When talking about mental health, it’s important to remember there’s no shame or weakness for seeking help. That bit of advice goes for anyone, adult or adolescent, but it’s particularly important for teens. Adolescence is a time when struggles are expected, especially when factoring in the developmental and hormonal changes teens undergo, in addition to their unique societal pressures. What’s more, teens are going through a time that is about separating from their parents as they begin forming their own identity and beliefs.
Teens are more likely to act on impulses, to misread cues, get involved in accidents, fights and display risky behavior. They’re also less likely to think before they act or consider the consequences of their actions. Because of all these factors, it’s important to ensure teens have a good foundation when it comes to their mental health.
“Many of the strategies we focus on for physical health are essential for mental health,” says Debi Kabisch, a nurse practitioner in mental health and wellness at Kaiser Permanente.
Drawing on her 20 years of experience in the field, she went on to add that those strategies are things like getting adequate rest, eating a healthy diet and getting regular physical activity. While she acknowledges life isn’t setup for perfect balance in these areas, it is important to setup teens for success in all areas of health.
One way parents can do that is to encourage teens to choose healthy snacks, provide balanced meals and encourage them to get enough exercise. Because the teen body is growing at a rapid rate, it’s vital that adolescents have quality rest and recovery time.
Another aspect to consider is setting limits on screen time, especially toward bedtime. Debi encourages parents to consider setting a no phone or tablet use policy, or other kind of technology boundaries, in a teen’s bedroom.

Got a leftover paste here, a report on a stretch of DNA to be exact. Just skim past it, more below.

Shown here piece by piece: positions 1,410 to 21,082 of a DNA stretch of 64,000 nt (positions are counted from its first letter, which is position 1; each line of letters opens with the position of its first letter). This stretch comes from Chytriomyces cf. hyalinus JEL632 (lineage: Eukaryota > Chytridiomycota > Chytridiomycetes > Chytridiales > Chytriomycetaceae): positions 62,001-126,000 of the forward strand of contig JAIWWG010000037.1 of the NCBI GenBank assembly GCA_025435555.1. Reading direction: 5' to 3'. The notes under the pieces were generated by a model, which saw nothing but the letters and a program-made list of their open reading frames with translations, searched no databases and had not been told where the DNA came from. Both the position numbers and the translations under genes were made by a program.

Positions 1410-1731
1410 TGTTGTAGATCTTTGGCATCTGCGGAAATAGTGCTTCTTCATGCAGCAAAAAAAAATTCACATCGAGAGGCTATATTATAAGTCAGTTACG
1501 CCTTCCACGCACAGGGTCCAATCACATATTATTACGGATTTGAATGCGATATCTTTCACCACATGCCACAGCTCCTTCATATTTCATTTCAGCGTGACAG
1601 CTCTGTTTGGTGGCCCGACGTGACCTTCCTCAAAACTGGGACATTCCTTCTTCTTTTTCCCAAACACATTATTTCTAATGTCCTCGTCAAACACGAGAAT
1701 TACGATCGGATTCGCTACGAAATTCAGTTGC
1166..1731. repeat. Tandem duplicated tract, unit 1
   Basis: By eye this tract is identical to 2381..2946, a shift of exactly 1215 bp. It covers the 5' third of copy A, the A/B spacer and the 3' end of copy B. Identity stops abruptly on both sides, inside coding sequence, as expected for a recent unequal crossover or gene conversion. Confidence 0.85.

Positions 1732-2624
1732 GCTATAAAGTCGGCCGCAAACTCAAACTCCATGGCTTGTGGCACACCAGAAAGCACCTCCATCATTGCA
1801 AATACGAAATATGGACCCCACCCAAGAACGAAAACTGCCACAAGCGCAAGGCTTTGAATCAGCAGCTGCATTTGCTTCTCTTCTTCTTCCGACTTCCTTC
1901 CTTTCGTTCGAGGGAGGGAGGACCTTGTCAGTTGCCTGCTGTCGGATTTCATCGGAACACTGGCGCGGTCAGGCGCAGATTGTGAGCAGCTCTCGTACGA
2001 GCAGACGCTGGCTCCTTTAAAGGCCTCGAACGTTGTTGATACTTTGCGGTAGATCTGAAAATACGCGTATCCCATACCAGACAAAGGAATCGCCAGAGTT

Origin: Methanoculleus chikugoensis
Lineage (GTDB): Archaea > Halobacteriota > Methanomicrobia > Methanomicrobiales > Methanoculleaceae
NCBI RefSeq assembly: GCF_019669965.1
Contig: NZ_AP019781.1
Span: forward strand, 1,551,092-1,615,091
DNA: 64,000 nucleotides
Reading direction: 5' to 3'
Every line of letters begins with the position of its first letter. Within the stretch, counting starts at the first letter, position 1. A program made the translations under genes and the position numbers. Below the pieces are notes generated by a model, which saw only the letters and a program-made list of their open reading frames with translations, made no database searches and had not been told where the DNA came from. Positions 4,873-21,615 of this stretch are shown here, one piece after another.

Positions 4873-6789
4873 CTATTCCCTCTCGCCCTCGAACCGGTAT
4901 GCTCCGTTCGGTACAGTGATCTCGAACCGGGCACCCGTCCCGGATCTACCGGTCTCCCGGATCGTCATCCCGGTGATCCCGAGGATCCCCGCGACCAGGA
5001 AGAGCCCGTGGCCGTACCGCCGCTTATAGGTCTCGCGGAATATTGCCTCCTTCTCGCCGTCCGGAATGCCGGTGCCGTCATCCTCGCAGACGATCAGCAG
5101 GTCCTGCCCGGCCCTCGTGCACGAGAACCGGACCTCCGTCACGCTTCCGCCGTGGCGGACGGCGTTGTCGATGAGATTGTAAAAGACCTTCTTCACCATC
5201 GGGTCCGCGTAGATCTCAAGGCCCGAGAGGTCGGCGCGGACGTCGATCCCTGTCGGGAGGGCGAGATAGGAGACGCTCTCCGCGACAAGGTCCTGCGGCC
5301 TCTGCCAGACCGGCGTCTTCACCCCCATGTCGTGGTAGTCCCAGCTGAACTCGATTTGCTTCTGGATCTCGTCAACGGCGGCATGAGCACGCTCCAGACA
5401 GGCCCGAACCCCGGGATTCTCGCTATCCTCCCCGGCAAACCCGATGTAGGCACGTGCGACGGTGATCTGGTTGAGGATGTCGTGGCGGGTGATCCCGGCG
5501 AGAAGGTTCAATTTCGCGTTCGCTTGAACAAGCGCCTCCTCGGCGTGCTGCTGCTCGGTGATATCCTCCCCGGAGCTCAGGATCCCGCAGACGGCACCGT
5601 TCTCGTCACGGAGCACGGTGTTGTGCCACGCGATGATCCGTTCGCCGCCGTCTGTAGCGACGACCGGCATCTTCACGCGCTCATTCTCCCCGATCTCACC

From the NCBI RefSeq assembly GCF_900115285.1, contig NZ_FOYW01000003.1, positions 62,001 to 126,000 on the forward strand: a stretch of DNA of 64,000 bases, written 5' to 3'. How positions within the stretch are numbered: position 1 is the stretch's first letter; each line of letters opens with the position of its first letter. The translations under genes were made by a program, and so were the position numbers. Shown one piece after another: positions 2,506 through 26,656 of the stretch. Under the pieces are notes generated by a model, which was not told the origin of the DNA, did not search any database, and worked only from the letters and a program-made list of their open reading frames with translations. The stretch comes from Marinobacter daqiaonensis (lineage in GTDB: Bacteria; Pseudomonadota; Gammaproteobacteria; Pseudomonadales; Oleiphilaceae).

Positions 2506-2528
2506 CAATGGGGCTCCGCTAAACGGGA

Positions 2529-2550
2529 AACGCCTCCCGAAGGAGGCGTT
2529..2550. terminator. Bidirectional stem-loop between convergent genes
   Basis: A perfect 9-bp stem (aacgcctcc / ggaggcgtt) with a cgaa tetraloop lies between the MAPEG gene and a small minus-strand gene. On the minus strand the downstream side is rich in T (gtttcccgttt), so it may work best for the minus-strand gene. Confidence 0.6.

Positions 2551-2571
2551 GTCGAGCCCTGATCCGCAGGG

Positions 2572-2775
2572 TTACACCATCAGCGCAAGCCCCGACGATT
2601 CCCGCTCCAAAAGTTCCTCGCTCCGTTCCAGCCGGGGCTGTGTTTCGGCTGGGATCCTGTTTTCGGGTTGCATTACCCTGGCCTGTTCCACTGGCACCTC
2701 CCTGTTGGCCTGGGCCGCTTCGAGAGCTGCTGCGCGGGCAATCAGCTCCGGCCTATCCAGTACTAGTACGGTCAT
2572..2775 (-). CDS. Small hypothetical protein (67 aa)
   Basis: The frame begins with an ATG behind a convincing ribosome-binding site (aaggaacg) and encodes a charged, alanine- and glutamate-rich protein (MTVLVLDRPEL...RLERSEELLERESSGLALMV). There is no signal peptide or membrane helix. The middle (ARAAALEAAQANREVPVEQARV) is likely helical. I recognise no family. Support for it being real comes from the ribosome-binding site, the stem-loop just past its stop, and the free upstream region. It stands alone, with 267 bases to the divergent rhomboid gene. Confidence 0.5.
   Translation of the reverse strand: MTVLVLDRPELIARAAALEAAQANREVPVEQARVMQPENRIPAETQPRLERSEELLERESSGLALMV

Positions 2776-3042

Friendships are an essential part of most teens’ lives, and can play a role in helping young people deal with trying circumstances and more.
“It’s important that teens build a network of friends that can help them cope in positive ways and that they take breaks from stressful situations,” Debi explains.
Regarding social connectedness, she went on to add that positive face to face interactions and other kinds of positive interactions are important for maintaining teen mental health. Another building block of mental wellness is learning to adequately manage stressors. There are a lot of ways to practice this, but some stress management tools can include learning relaxation exercises, assertiveness training and knowing when to say no.
Another tip Debi advocates parents try is to practice rehearsing situations that cause stress, as well as teaching teens about ways to decrease their negative self-talk. It can be tough, but important, to teach teens to replace negative self-talk with neutral or more positive thoughts.
With all the changes teens go through, it may be difficult for parents to determine when their teen’s behaviors warrant more serious action.
“It can be challenging because teens are expected to try out new looks, or new attention-seeking choices, but parents should view a change in appearance accompanied by problems at school as a potential red flag,” she says.
A few other potential warning signs that your teen might be struggling with mental illness are a change in appearance accompanied by extreme negative behavior, like violence or having run-ins with the law. Influence by others is very common with teens, as they naturally shift from being influenced by parents to being influenced by peers, but sudden changes in their peer group, especially negative, can indicate a problem. Mood swings are to be expected due to hormonal changes, but a warning sign can be rapid changes in personality, like persistent sadness or having sleep problems.
The optimal time frame for parents to have a conversation with their teens about mental health is early in the adolescent’s life. Debi cautions parents not to get frustrated if they don’t get a response from their teen in their initial talk.
“Teens can be indifferent and express anger, but they still crave love, acceptance and approval from their parents.”
By opening the dialogue, your teen will know they can come to you when they need to because you’ve taken the opportunity to put in the time for a talk in the past. If you think your teen might need help, it can be difficult to know where to begin looking for assistance.
Debi encourages parents to reach out to the school counselor, their child’s primary care provider or national professional organizations if needed. A few of those organizations are the American Academy of Child and Adolescent Psychiatry, or the National Parent Helpline at 855-427-2736, or for crisis concerns the National Suicide Prevention Lifeline at 800-273-8255.